Highlights of Uganda history and politics

Lest we forget, let us remind ourselves of the discussions we have had so far and the issues that have emerged. My contribution has been publication of ten books, creation of a blog www.kashambuzi.com, co-host of an English program on Radio Munansi, participation in debates through Uganda Observer newspaper, Ugandans at Heart Forum and as Secretary General and Chief Administrator of UDU. I have avoided discussing or writing about private lives or family matters of Ugandans I have referred to. Without understanding our history and political experience, we will continue to engage in misinformation and misinterpretation of developments. Uganda’s history and politics have been distorted to serve parochial interests and setting the record straight has created some of the controversies we have witnessed. Because the highlights cover discussions of a year and half, the article is therefore a bit longer than usual.

As we move forward we should be governed by reason and tolerance, not emotion and intolerance; equality, not superiority; merit, not favoritism as to religion, region, gender, age or ethnicity etc and civility and decorum, not abuse or threat. We must always remember that Uganda belongs to all of us. Not one single individual or a group of few individuals should be allowed to determine the country’s future trajectory. When one attempts, Ugandans must act boldly and swiftly and nip the effort in the bud. Here are the highlights.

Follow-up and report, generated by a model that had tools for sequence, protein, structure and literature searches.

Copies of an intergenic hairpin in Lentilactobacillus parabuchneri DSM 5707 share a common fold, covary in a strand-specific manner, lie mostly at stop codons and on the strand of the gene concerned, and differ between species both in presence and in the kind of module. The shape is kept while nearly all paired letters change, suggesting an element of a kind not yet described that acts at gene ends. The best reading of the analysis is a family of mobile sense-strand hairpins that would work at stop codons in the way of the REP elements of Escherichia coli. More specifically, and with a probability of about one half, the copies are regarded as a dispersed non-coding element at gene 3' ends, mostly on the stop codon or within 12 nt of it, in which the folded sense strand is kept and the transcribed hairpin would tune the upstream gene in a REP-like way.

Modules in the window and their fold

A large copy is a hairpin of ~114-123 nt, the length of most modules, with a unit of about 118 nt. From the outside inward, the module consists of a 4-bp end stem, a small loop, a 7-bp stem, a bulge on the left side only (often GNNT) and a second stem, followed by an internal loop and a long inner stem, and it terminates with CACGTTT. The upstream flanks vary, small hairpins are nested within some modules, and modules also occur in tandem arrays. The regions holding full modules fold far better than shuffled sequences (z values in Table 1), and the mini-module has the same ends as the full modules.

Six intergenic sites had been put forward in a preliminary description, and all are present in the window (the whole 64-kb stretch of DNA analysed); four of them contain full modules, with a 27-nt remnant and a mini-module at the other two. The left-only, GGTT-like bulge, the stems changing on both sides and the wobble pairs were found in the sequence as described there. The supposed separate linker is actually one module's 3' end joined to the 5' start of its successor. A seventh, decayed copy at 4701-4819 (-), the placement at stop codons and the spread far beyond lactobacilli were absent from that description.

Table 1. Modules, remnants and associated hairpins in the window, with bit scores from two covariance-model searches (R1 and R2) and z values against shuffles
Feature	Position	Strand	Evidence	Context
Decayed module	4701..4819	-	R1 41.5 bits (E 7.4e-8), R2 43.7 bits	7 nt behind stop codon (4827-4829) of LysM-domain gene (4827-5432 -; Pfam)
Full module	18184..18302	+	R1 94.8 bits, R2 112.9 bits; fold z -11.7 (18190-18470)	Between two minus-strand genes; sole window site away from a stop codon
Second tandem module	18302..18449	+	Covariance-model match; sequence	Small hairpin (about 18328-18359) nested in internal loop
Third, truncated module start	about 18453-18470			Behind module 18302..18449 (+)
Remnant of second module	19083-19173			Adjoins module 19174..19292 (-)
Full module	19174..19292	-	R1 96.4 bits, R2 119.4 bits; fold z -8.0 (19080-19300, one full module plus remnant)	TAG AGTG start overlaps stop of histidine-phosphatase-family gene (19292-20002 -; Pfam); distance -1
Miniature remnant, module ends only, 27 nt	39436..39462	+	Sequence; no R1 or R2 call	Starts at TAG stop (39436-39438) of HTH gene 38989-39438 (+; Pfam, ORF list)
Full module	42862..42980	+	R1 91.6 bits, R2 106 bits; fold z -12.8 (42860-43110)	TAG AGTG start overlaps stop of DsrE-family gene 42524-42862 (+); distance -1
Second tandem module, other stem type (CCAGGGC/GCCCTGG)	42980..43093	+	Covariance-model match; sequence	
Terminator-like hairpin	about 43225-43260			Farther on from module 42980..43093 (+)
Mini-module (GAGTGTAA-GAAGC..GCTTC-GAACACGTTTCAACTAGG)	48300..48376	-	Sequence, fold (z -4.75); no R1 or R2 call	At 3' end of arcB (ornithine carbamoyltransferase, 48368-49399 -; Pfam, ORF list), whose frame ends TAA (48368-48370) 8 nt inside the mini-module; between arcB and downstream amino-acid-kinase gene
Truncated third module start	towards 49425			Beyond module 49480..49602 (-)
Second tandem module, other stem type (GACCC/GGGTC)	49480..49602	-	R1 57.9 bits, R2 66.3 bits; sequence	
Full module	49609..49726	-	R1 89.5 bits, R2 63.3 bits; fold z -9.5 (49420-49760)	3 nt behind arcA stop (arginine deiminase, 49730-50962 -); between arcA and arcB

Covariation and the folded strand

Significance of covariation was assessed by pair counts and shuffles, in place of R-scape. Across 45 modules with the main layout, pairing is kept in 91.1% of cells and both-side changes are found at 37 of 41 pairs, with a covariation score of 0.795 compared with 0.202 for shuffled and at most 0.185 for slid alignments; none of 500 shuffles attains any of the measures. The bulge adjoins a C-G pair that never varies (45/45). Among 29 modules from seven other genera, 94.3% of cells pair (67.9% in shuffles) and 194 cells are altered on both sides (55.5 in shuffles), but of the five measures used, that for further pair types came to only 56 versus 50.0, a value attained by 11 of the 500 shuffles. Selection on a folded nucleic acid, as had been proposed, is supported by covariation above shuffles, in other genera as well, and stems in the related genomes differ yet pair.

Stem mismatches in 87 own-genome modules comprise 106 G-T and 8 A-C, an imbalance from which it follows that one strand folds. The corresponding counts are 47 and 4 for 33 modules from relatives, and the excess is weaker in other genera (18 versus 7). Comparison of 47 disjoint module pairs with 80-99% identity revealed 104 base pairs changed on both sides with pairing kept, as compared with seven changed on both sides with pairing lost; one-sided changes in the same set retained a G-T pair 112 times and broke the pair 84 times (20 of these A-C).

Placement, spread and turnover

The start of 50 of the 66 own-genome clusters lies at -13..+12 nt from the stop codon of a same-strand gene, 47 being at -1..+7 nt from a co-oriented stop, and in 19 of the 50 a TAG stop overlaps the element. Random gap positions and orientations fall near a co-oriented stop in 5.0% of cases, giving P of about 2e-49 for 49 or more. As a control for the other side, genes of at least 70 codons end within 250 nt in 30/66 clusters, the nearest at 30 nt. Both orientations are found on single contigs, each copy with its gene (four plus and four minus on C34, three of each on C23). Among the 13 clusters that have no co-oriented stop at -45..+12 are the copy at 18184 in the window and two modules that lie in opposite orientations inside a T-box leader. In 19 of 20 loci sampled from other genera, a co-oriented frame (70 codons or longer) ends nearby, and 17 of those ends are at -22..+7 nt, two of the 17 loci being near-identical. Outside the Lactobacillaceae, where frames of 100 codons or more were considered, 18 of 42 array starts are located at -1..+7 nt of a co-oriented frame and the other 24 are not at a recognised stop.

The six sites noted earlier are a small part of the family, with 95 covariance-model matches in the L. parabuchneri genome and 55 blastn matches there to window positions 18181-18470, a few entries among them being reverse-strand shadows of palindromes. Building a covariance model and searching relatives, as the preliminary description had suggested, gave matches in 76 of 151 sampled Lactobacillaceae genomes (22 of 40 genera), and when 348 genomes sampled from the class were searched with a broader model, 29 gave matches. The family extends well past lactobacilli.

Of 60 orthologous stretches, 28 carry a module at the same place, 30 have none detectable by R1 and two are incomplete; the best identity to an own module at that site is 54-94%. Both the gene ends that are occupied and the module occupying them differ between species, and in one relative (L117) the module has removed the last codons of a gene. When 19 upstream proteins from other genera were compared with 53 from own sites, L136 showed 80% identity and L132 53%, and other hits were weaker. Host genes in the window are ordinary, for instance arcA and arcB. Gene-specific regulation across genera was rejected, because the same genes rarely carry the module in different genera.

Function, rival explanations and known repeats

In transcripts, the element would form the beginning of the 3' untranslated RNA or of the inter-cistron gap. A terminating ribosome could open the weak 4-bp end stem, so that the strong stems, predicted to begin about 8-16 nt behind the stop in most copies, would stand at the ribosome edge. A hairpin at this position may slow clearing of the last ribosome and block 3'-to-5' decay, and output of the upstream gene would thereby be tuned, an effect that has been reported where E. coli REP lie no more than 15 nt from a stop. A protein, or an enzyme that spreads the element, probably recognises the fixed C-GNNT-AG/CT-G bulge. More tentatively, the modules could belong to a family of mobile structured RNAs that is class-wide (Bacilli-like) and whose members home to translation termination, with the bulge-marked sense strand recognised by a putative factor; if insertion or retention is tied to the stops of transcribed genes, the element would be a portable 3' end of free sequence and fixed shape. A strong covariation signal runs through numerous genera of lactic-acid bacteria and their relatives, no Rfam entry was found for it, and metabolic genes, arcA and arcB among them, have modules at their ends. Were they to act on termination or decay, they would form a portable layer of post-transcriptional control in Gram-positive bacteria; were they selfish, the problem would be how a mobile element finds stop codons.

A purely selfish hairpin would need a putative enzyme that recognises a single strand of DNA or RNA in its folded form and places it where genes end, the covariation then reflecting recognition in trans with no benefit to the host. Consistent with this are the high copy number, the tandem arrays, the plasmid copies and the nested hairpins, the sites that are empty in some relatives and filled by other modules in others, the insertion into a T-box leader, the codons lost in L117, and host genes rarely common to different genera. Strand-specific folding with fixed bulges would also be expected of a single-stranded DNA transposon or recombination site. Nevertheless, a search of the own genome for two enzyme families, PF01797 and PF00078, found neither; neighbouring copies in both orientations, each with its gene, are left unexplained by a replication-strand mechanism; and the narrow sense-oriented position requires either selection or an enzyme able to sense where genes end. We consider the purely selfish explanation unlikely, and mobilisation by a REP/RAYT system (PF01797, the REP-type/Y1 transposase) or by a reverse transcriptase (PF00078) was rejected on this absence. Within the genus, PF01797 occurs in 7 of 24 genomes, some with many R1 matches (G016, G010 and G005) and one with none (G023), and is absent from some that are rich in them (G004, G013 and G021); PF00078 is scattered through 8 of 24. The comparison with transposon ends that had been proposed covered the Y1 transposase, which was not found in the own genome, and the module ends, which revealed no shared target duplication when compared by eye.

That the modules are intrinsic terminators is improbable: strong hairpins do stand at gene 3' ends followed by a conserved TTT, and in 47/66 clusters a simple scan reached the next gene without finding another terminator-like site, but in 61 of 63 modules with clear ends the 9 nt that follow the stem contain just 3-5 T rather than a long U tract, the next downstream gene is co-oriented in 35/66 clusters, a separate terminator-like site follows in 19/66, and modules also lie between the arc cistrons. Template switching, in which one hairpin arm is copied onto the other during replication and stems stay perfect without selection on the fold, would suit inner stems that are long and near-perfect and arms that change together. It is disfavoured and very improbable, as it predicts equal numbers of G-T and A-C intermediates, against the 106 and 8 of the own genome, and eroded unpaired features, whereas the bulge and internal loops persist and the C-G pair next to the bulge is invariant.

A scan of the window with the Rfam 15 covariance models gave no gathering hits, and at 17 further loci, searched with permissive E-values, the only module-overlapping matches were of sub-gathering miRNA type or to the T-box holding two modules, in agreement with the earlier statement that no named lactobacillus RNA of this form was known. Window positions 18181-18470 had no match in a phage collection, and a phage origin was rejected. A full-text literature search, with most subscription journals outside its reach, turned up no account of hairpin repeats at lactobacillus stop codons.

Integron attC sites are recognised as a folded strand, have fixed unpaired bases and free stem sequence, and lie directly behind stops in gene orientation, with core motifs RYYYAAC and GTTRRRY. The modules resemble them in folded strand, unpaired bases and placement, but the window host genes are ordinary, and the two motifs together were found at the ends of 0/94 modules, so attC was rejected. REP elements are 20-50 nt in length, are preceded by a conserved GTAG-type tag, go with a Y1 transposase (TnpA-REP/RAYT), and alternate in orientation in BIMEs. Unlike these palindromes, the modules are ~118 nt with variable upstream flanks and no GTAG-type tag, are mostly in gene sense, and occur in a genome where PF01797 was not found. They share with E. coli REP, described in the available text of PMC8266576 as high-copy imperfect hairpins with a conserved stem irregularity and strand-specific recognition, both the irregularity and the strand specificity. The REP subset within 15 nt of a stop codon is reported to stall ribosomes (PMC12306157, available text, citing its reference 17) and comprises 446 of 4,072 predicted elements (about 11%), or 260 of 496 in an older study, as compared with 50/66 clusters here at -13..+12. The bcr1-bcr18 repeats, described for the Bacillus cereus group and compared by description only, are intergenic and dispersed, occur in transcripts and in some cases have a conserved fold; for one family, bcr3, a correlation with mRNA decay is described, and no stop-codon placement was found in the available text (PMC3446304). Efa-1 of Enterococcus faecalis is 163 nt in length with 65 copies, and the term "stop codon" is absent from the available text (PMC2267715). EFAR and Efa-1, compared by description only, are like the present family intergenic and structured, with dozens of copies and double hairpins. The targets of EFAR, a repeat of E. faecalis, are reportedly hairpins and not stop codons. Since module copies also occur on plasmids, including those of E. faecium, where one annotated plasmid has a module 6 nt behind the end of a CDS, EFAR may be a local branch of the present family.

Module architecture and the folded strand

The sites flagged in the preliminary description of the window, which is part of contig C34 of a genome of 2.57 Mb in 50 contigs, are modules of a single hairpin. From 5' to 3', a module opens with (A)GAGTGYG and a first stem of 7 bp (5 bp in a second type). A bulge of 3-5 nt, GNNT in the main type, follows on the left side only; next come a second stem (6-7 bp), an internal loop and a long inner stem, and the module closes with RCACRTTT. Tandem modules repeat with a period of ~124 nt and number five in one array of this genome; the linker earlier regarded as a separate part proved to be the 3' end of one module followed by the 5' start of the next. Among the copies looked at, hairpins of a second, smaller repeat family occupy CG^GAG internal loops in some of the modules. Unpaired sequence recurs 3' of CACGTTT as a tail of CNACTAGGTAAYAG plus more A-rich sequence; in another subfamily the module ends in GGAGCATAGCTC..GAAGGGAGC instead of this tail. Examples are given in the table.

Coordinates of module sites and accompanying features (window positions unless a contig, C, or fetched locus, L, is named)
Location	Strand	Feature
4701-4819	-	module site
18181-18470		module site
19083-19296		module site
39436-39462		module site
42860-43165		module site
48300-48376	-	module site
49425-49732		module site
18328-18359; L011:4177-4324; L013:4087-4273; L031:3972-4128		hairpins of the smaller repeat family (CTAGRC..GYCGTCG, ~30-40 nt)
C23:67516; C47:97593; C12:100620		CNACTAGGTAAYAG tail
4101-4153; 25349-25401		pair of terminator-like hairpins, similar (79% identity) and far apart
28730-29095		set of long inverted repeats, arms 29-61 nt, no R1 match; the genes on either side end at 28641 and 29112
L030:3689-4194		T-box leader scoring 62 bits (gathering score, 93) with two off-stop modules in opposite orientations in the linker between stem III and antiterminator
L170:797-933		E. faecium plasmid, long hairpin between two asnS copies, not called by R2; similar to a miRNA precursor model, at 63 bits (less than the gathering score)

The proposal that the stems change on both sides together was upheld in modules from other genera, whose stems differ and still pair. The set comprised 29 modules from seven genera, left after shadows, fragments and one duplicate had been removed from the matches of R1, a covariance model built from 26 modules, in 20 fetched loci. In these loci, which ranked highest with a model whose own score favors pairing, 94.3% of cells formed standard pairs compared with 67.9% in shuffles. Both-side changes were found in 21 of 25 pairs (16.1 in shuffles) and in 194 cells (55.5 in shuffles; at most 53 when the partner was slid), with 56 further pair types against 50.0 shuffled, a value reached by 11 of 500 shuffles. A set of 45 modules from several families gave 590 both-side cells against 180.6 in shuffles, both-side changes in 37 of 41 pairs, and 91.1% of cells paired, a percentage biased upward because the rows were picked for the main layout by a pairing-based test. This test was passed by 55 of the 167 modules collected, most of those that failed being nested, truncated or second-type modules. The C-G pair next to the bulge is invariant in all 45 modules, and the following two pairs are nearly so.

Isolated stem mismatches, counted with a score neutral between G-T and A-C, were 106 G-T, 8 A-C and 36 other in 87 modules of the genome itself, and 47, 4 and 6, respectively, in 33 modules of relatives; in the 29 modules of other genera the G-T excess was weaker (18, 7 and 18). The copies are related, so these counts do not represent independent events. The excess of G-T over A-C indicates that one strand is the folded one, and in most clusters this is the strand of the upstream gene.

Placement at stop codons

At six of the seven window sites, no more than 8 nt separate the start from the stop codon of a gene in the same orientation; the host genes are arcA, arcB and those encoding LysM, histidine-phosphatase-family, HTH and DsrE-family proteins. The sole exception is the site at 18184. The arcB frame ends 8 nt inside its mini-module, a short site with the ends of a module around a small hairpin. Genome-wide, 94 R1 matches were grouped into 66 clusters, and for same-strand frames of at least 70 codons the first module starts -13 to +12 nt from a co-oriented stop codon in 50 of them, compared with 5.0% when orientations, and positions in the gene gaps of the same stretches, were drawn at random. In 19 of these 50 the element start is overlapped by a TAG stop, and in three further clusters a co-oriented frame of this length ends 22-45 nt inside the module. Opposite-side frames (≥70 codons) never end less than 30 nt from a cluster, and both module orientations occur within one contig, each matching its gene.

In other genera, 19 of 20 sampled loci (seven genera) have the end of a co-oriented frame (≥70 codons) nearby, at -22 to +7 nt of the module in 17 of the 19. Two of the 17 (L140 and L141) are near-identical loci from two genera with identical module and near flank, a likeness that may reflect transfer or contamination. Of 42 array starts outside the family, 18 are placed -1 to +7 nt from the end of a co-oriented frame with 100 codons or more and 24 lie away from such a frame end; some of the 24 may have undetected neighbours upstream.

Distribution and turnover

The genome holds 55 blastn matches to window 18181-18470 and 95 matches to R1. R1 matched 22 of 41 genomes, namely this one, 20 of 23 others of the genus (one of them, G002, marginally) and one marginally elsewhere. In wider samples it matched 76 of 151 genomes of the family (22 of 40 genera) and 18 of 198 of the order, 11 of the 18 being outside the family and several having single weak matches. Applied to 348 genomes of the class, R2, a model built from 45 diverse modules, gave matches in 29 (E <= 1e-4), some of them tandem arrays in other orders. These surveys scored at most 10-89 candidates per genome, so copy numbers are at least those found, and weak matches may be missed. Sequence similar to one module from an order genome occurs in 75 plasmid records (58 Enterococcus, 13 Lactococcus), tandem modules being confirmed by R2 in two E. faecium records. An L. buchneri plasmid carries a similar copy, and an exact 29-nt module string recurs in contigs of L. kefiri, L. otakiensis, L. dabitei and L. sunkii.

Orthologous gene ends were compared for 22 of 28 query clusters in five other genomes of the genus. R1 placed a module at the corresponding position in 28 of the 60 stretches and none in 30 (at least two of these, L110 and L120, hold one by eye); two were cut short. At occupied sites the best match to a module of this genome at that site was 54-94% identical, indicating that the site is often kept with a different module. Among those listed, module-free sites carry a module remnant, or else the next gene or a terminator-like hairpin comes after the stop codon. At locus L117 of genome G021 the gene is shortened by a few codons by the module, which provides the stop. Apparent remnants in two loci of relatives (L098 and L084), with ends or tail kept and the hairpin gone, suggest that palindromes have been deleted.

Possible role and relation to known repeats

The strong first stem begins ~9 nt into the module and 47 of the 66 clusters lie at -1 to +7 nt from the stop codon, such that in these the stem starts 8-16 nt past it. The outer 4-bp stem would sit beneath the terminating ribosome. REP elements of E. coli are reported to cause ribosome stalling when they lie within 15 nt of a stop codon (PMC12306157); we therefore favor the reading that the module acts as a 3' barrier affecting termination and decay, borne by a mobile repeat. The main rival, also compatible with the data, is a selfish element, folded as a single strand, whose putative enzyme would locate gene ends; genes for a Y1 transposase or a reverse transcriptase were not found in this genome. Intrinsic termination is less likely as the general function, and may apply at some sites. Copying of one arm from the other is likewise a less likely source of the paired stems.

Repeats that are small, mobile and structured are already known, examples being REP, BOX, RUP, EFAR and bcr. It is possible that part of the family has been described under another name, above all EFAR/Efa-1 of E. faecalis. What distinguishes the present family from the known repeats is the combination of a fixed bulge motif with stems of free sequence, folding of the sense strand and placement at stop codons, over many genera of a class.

Uganda’s democracy won’t be won at gun point

The year 2011 will go down as a defining moment in Uganda’s political economy history. Those who have followed political debates since before independence in 1962 will agree that this year has been exceptional in this regard. The services provided particularly by radio munansi and Ugandans at Heart Forum that have facilitated exchange of information and debate are highly commendable. They facilitated the birth of United Democratic Ugandans (UDU) – an umbrella organization that has brought together parties and organizations opposed to the NRM system to coordinate their activities and speak with one voice.

Uganda has entered the age of Enlightenment based on the concept of reason, not swallowing orders from the military dictator lock, stock and barrel. The debates on oil and Mabira forest are some examples of this Age of Enlightenment. And there is no turning back.

The people of Uganda are thus demanding to start from a clean slate. They want to develop their future path and occupy the driver’s seat with external helping hand as appropriate. The preparation of the National Recovery Plan (NRP) by Ugandans is a concrete example of what we mean.